The last two albums feature another amazing musician named Chris Connors on guitars. Chris is also a producer/engineer/multi-instrumentalist who I met through Tim Gilles and works out of his Brooklyn Studio called Concrete Sound. He’s worked with tons of artists including John Legend.

The young Joe Darone pre-Fiendz

Q: In regards to Chris Connors. You mentioned he contributed to the last two albums. Does that mean he’s present on “Hide and Seek”?

Yes, Chris played more than half of the guitars and we recorded those, plus Myles Crowner’s bass and Dave Levy’s trumpet at his studio in Brooklyn called Concrete Sound. Chris has worked with a ton of artists including Norah Jones and Deep Purple. Arun also returned on this album to play guitars on about half of the album. This is also the second album for Corey Colmey on drums. Evan Hooker from Ruby Roses sang backups on a few songs. Arun’s kids Ruby and Hugo made a special appearance singing on the last song.

Q: I remember us crossing paths at the time you were playing drums with the Rosenbergs. I was always curious as to what led you to join the band and what your contributions were. Can you fill me in?

When Big Blue Meenie moved to Jersey City, I had already quit drumming and thought I’d focus on trying to make some money doing graphic design. Tim let me use an office above the studio in exchange for answering the phones, and I wound up doing a lot of album covers for the bands that came through.

One day, a guy named Dan Iannuzzelli showed up at the studio, and pretty soon started working there. He had produced the first Rosenbergs album, and one day asked me if I’d be interested in playing on their next record. We started rehearsing together, it was sounding good and they asked me to join full-time. What’s The Godfather quote? “Just when I thought I was out, they pull me back in!”

One day this camera crew shows up to film the band, ‘cuz we were selected to be on the Farm Club TV show which gave the band a huge industry buzz and that led to the band being signed. Coming from playing in an underground band for 12 years, it was surreal to be in these situations where we’re meeting with Jimmy Iovine and Green Day’s manager Elliot Cahn. Eventually, we turned down two major label offers and signed with Robert Fripp’s label, which was amazing for me because I’m a huge King Crimson fan.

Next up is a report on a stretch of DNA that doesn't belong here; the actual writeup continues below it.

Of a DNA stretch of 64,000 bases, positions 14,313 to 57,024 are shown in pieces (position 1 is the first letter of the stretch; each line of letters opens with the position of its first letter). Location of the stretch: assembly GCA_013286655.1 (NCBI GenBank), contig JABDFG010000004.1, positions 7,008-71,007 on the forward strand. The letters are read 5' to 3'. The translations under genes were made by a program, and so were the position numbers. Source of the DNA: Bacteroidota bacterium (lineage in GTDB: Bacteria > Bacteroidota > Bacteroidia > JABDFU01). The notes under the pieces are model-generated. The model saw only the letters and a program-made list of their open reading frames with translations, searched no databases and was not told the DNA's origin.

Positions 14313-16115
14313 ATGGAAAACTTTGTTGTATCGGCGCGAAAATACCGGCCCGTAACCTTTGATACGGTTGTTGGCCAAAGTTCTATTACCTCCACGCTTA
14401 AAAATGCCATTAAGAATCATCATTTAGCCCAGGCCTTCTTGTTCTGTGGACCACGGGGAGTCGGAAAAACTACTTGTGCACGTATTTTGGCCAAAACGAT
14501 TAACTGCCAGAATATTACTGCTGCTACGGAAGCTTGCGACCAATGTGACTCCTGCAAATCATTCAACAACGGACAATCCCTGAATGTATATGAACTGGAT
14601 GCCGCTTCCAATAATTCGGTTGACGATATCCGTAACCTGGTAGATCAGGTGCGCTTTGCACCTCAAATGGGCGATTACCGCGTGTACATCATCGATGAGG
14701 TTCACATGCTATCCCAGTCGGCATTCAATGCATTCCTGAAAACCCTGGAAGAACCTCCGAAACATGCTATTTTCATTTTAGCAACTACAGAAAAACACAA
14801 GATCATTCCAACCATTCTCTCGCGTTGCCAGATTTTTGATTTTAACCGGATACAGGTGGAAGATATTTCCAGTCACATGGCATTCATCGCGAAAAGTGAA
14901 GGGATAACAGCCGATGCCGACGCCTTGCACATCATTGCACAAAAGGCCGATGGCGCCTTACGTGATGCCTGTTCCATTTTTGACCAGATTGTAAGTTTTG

My musical contributions to the Rosenbergs were mostly in backing vocals and arrangements.

Q: I recall a theory of yours regarding drummers and how banging and hitting things all the time contributed to many drummers losing their minds and/or going insane. I was curious as to the reasons you stopped. Were you starting to feel the effects of years as a percussionist? Was there considerable hearing loss involved? Or were you hearing voices in your head? Did you sell your drum set? Any regrets or thoughts about getting back to the kit?

I gave my drum set to Joe Pedulla from We’re All Broken around 2003-ish. They lost all of their gear when their rehearsal space flooded. I do miss the physical workout of playing drums, but that’s about it. I was never that ‘drummer-guy’ type of drummer. A producer used to call me the ‘Anti-drummer’ because I didn’t care about gear and all that stuff that real drummers like to talk about. Regarding hearing loss, this past year I got a case of tinnitus from going to a concert without earplugs, at the same time I was mixing the new album for like 10 hours a day but it went away eventually.

Q: Getting back to the album. Considering these are all your songs. I’d assume that they are all personal. That said, is there one or are there others that are particularly introspective?

Since ‘games’ is the theme of the album, I decided to treat it like a game. A puzzle to put together. Just for the fun of it. All of the previous albums had a lot of personal stuff in them, and I thought it’d be good to lighten up a little. Still, I used each song as a vehicle to give my thoughts on everything from spirituality to socio-political topics.